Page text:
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Did you know that you hold a great deal of power in your hands? That you can make an influence simply with your computer mouse?

Rachel Marie Stone on Her*meneutics wants you to remember it. In her article Careful What You Click For, she explores the attention that we so often give to things we disagree with (or even just trashy flashy headlines).

Her grandmother, she shares, watches TV most of the day – but only news channels she dislikes. According to Stone’s father, “She watches it so that she can complain about how stupid they all are.” While this initially seems foolish, Rachel asks, don’t we do the same thing?

“When I click on links I know are trashy, or links I know I’m going to disagree with, I’m casting a vote for more of the same. Chances are, you are too.”

She continues,

“This dynamic takes a different form when some hotly debated political matter, evangelical controversy, celebrity death, or some combination thereof happens to be trending. One headline becomes more sensational than the next; tweets are fired fast and furiously; and people are linking and clicking like crazy, even if only to remark upon how stupid it is that whatever topic is trending. Amid the noise and chatter, the person with the loudest voice, not necessarily the one with the most compelling things to say, ends up getting the most attention.”

Does that seem familiar? Have you ever found yourself getting swept up in the latest internet controversy, clicking and commenting, unaware that every click and every comment boosts the company who runs whatever page you happen to be on?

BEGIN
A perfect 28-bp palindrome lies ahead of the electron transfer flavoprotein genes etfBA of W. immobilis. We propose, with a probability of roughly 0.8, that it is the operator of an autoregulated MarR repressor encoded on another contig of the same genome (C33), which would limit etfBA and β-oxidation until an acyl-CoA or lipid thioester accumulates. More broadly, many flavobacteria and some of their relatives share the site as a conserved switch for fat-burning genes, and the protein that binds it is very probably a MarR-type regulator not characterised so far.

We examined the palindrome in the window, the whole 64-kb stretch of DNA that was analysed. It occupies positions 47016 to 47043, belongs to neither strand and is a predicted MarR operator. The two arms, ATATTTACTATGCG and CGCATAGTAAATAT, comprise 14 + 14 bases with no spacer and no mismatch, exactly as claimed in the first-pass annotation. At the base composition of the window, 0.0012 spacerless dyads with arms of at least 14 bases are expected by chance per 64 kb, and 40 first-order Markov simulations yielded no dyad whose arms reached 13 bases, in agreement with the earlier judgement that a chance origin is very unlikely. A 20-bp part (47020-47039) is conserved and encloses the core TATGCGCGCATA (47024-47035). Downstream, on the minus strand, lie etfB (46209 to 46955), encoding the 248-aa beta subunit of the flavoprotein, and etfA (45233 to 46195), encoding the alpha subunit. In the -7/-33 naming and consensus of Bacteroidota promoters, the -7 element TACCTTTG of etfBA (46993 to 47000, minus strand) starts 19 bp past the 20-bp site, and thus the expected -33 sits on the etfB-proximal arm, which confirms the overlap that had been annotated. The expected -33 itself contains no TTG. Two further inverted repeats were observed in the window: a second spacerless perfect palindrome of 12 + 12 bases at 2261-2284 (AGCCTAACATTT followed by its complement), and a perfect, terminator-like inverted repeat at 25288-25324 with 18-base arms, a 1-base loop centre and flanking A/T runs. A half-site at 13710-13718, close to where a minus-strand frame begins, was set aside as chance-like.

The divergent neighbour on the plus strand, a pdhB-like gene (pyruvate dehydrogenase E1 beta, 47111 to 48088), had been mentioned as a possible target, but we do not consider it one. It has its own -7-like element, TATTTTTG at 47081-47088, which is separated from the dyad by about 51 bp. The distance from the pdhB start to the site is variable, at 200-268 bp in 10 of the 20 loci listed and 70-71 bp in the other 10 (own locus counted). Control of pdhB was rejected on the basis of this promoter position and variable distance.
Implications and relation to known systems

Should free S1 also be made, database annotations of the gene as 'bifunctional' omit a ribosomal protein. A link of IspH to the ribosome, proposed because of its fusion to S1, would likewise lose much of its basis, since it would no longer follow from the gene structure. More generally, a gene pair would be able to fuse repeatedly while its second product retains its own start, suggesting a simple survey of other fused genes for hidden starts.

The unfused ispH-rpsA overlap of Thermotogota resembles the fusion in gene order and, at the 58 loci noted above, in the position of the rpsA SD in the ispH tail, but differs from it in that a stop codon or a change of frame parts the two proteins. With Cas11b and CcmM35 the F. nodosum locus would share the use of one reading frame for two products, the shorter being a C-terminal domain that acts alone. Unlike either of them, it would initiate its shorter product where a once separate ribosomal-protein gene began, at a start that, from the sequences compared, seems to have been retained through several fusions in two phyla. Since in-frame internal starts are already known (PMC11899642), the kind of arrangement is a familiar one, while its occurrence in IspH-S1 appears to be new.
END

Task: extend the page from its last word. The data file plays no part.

It may seem like you are one tiny voice on the internet, without power to make a difference, but Stone argues for the opposite.

“The power and influence that leaders and other public figures have derives from the attention we consent to give them. Likewise crassness, sensationalism, and trash on the web comes to us at least in part because that’s what most of us are, on some level at least, interested in, and our interests make the Internet what it is. Our tweeting, sharing, and, yes, even our clicking, are tiny but profoundly significant acts of culture-making.”

In her article 8 Ways to Use Facebook for Good, Crosswalk author Jennifer Heeren posits that one key to success for internet users is don’t be lazy.

“It is easy to get caught up in Facebook and stay on longer than you meant to originally. Try to set some kind of time limit so that you don’t waste the precious hours in your day. You usually can see the important things pretty quickly after logging on. Make sure to save time to get your non-computer tasks done as well.”